If you've worked for The Independent since its launch, as I have, there's one question you'll have heard more often than any other when talking about the title with outsiders. "How's the paper doing?" they all ask. I don't think there's been a single year in the paper's history that I haven't had that question put to me – in a variety of tones ranging from the congratulatory curiosity that greets a new baby to the solicitousness of someone asking about a sick relative.
There were a few weeks, around the heady days when we overtook The Times in sales, when something like complacency about our future briefly hovered in the air. But it was quickly dispelled when Rupert Murdoch dropped his cover price and business as usual was resumed. We were in a market that was fiercely competitive and there could be no guarantees, least of all for a paper that had only had a few years in which to build a relationship with its readers.
To work on The Independent has been to live with perennial uncertainty – though I suspect that very fact turned out to be one of our assets. To say that we reshaped the British broadsheet isn't just a celebratory cliché. It's physical fact ... and it emerged from a creative understanding that we couldn't stand still.
I wonder what we would we have felt though – as we prepared the very first paper that would actually go on sale – if we'd been told that we'd still be around to worry a quarter of a century later? Back then we asked the question ceaselessly ourselves, inside the building. There were those who thought that the paper's approach to royal coverage (bad-tempered and rarely more than a paragraph long) was a self-indulgent eccentricity, others who argued that it was a badge of our independence from the done thing. There were arguments about the Westminster Lobby and about celebrity interviews and virtually every aspect of the coverage.
In fact this paper grew in part out of the negative answers journalists had come up with when they asked "How's the paper doing?" about their previous publications. And we questioned what we did so intently because we couldn't be sure that we would survive otherwise. Most people predicted that it was odds against.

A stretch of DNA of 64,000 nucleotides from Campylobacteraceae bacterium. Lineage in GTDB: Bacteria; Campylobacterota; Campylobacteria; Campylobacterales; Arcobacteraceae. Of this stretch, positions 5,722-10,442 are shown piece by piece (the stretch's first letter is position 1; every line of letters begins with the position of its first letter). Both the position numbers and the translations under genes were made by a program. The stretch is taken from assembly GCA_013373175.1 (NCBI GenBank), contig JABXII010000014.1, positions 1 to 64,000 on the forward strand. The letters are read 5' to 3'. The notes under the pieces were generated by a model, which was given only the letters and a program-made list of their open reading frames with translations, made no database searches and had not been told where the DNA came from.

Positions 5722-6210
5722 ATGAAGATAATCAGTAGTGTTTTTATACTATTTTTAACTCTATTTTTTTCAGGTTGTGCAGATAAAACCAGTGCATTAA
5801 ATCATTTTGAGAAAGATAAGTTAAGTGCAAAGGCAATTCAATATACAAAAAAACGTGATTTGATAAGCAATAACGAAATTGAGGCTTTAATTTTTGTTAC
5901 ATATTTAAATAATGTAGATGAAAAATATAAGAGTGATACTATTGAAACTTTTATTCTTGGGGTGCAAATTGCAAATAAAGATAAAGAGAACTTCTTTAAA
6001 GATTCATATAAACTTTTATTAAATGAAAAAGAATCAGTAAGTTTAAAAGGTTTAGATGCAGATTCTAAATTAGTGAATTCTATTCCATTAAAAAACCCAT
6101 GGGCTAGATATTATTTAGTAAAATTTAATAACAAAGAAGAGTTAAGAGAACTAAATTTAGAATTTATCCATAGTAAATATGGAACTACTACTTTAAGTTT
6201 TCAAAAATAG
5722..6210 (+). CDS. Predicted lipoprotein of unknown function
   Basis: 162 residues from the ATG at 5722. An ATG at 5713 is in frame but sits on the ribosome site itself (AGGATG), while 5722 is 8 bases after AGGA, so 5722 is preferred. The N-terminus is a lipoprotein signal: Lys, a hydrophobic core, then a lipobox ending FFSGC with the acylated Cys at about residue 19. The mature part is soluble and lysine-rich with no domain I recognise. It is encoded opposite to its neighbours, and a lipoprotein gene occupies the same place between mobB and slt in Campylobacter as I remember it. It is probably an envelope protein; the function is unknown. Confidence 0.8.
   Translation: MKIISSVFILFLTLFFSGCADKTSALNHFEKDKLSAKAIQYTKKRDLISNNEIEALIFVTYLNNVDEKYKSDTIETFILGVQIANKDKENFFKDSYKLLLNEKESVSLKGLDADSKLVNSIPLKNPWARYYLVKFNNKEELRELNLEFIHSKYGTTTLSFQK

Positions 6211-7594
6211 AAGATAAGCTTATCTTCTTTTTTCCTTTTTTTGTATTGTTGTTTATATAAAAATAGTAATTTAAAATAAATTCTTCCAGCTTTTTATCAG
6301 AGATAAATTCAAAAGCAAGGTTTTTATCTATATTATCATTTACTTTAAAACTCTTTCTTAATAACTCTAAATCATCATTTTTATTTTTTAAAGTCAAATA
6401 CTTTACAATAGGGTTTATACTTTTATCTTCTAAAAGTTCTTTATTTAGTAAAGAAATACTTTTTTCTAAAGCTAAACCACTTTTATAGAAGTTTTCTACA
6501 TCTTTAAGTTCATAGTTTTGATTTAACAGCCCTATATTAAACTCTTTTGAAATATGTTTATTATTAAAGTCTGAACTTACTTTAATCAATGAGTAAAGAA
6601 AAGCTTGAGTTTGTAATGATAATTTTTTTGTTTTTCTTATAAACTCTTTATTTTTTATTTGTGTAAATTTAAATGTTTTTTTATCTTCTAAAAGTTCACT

I think we'd have been astounded and gratified to learn that we would be successful enough to survive until the anxiety that was then unique to us would become universal for all papers. Back then there wasn't much point in worrying about anything further than a year ahead, but even if we'd gone in for long-term planning I don't suppose anyone could have predicted that the technology which made our adventure possible – computers and the digital transmission of data – would eventually come to pose hard questions about the nature of newspapers themselves.
That's one lesson of this anniversary – that being around to worry (in life as well as newspapers) is a kind of privilege. In terms of the individual histories of some British newspapers 25 years is a relatively short time. In terms of our history it's everything. And in terms of the collective history of the industry it's been an eon. We fretted constantly about keeping the ship watertight. Now, along with everyone else, we have to think about the tide. So, "How's the paper doing?" It's in great shape, thank you, but we won't stop asking the question.
Pretending to know rather more than we did
This story has been told before, in Nicholas Garland's book about the paper's first year, Not Many Dead, but I think it bears repeating. During a very early conversation with Andreas Whittam Smith, The Independent's founding editor, about the organisation of the arts pages he suddenly asked me: "Do you think books should be a satrap of arts?" Not having a clue what a satrap was, I adopted an expression of what I hoped was pensive consideration while I tried to work out how to reply.
Eventually, after what was becoming too long a pause, I settled for something like this: "Well ... I think that rather follows from what you've been saying." Andreas frowned, also pensively, excused himself and left briefly to consult with Stephen Glover, who was just down the corridor trying to talk the poet James Fenton into joining the paper as a foreign correspondent.
When I met James later for a drink he explained that Andreas had put exactly the same question to them, following it, as he was on the point of leaving, with another: "By the way – what is a satrap?" "Persian provincial governor" they explained, which I'm sure Andreas had known all along, until he was infected by my own (obviously transparent) uncertainty.
I'm not sure you can draw a grand conclusion from this incident, except that there were times in those early days when all of us were feeling our way into what we were doing and that was one of the chief glories of it. And if Books did become a satrap of Arts, no practical consequence ever flowed from it. Given that our provincial governor was the novelist Sebastian Faulks, oversight didn't really turn out to be much of an issue.
The heady rush of that first taste of instant messaging
Talking with veterans of the early years I was amused to find a considerable amount of affection for Atex – the computer system first used to put the paper together. Fond memories centred on three things: the then novel ability to text-message colleagues – allowing a sub-current of gossip and commentary to flow beneath audible conversations (sometimes hazardously); the fact that you could alter the case of a letter with a single keystroke; and – more oddly – the button which allowed you to transpose two adjacent letters in a piece of copy. You really wouldn't believe that you could hang nostalgia on such a flimsy peg – but it was surprising how oftne it came in hnady.